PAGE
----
FB1MB1-Introduction to Food Microbiology

Module Provider: Food and Nutritional Sciences
Number of credits: 10 [5 ECTS credits]
Terms in which taught: Spring term module
Non-modular pre-requisites:
Modules excluded:
Current from: 2018/9

Module Convenor: Prof Dimitris Charalampopoulos

Email: d.charalampopoulos@reading.ac.uk

Type of module:

Summary module description:
The module will introduce the students to food microbiology focusing primarily on food fermentations (dairy and non dairy) and linking it to microbial metabolism. The lectures will be supported by a range of practicals aiming to develop good basic microbiological skills.

To provide knowledge and practical skills on the use of microbes for the production of foods and food ingredients.

Assessable learning outcomes:
• Provide an overview of the types of microorganisms used for the production of fermented foods and food ingredients.
• Describe the main characteristics of lactic acid bacteria and yeast and the main metabolic pathways taking place.
• Make basic calculations for estimating the yield and productivity of fermentation processes.
• Describe the basic processing schemes used for the production of various fermented foods (dairy, meat, cereal based, vegetable based).
• Work with bacterial and yeast cultures and carry out standard microbiological techniques aseptically.
• Develop understanding of statistical analysis of data.

Additional outcomes:

The students will gain experience in laboratory work, report writing and working in groups. The module will built on the knowledge and skills that the students have acquired from the ‘Introductory Microbiology’ module and prepare the students for more advanced module in microbiology, i.e., ‘Microbiology of Food Spoilage and Preservation’ , and ‘Microbiological Hazards in Foods’. 

Outline content:
Initial lectures will cover the metabolic pathways taking place during food fermentation, focusing mainly on lactic acid and ethanol fermentation; then, the main characteristics of lactic acid bacteria and yeast will be reviewed as well as that process for the production of starter cultures. Subsequent lectures will focus on the process used for the production of various fermented foods (dairy, meat-based and vegetable based). Finally, the application of fermentation for the production of food ingredients will also be covered. An introduction to statistical analysis will also be provided which will be supported by a workshop.

The practicals, which will run in parallel to the lectures, will aim to strengthen the laboratory skills of the students in terms of basic microbiological techniques (aseptic techniques, plate streaking, microscopy, etc) and provide illustrations of key points from the lectures in relation to food fermentations.

Global context:
The utilisation of microbes for the production of foods as well as chemicals will be discussed.

Brief description of teaching and learning methods:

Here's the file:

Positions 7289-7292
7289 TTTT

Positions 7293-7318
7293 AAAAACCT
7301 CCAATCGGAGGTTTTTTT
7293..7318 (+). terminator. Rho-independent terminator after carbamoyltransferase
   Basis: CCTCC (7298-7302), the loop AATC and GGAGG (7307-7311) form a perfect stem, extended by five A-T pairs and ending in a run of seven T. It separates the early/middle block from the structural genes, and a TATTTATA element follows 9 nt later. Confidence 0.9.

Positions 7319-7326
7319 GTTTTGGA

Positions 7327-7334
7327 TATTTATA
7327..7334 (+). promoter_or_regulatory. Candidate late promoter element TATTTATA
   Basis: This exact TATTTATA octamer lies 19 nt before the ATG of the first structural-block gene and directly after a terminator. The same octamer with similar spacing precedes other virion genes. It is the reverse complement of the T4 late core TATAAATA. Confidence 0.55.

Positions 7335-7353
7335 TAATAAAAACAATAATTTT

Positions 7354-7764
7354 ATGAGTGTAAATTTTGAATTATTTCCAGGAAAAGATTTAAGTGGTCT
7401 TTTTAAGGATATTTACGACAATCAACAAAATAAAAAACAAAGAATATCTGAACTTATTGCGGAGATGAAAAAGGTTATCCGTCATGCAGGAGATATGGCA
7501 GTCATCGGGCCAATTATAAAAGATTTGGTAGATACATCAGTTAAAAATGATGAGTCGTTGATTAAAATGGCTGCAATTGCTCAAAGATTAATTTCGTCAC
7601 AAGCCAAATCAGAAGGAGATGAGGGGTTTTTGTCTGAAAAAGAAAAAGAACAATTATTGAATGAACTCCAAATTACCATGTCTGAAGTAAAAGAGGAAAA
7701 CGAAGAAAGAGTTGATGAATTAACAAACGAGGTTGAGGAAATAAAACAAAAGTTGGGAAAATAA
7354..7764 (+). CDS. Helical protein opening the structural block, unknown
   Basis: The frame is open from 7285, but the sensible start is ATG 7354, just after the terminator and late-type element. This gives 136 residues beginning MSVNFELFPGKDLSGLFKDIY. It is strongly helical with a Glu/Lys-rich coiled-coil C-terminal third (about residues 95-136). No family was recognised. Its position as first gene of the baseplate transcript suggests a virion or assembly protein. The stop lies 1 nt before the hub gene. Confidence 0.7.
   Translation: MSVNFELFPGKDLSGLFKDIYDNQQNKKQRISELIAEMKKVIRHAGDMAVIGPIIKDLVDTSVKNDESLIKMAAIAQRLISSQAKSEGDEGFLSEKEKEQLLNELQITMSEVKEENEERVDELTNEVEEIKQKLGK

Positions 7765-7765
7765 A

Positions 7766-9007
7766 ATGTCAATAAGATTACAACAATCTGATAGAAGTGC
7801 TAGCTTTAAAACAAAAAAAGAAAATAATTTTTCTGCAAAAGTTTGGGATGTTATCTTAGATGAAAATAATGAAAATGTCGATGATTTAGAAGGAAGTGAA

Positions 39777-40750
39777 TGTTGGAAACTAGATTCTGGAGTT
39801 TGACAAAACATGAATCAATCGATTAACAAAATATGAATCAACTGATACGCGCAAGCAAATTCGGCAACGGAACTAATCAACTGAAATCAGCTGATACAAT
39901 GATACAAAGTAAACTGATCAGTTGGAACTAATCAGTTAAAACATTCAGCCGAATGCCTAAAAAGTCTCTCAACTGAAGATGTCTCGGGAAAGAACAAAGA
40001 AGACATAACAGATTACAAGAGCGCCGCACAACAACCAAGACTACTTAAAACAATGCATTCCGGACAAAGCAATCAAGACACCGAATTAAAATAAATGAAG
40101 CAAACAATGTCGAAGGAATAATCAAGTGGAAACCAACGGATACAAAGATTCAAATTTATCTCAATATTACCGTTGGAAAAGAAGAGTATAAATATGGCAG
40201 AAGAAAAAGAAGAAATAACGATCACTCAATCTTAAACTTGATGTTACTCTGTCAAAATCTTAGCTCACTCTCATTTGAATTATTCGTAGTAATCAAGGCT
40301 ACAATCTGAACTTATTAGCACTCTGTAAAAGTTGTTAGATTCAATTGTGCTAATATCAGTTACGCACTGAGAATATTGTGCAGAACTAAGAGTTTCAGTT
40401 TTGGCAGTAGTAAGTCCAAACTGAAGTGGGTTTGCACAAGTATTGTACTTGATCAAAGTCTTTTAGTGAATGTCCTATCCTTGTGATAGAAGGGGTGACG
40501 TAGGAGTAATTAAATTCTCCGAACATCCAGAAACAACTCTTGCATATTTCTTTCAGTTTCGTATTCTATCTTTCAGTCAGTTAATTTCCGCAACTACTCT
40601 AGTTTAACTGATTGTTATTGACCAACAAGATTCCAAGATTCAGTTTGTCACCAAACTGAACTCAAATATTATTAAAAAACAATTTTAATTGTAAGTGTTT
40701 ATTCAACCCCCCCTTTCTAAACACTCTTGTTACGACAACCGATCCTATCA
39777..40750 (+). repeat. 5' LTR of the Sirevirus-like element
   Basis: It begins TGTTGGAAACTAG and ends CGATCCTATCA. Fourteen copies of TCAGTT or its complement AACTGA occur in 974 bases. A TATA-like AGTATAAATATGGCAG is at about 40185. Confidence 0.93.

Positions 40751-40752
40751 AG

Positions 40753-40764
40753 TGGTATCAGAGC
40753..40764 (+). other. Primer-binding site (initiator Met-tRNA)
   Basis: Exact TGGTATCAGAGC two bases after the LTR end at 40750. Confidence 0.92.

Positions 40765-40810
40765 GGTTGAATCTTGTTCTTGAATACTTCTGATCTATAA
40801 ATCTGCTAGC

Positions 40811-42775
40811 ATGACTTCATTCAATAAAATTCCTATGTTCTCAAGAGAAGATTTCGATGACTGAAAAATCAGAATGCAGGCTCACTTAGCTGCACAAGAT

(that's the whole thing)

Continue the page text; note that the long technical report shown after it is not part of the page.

16 hours lectures and 26 hours in total involving practical classes and workshop.

Contact hours:
  Autumn Spring Summer
Lectures 17
Seminars 2
Tutorials 4
Practicals classes and workshops 17
Guided independent study 60
Total hours by term 98.00 2.00
Total hours for module 100.00

Summative Assessment Methods:
Method Percentage
Written exam 60
Report 20
Portfolio 10
Class test administered by School 10

Summative assessment- Examinations:
1 hour

Summative assessment- Coursework and in-class tests:
Coursework dates:
(Reports) Lab reports, weeks: 7, 9
(Portfolio) Lab books: week 11
Test: week 11

Formative assessment methods:

Penalties for late submission:

Penalties for late submission on this module are in accordance with the University policy.
The following penalties will be applied to coursework which is submitted after the deadline for submission:
• where the piece of work is submitted up to one calendar week after the original deadline (or any formally agreed extension to the deadline): 10% of the total marks available for the piece of work will be deducted from the mark;
• where the piece of work is submitted more than one calendar week after the original deadline (or any formally agreed extension to the deadline): a mark of zero will be recorded.
You are strongly advised to ensure that coursework is submitted by the relevant deadine. You should note that it is advisable to submit work in an unfinished state rather than to fail to submit any work.
(Please refer to the Undergraduate Guide to Assessment for further information: http://www.reading.ac.uk/internal/exams/student/exa-guideUG.aspx)

Assessment requirements for a pass:
overall mark of 40%

Reassessment arrangements:

Reassessment arrangements are in accordance with University policy. Reassessment of the written examination is held during the University administered re-examination period in August. Failed coursework may be re-assessed by an alternative assignment before or during the August re-examination period.

Additional Costs (specified where applicable):
1) Required text books:
2) Specialist equipment or materials:
3) Specialist clothing, footwear or headgear:
4) Printing and binding:
5) Computers and devices with a particular specification:
6) Travel, accommodation and subsistence:

Last updated: 12 December 2018


Things to do now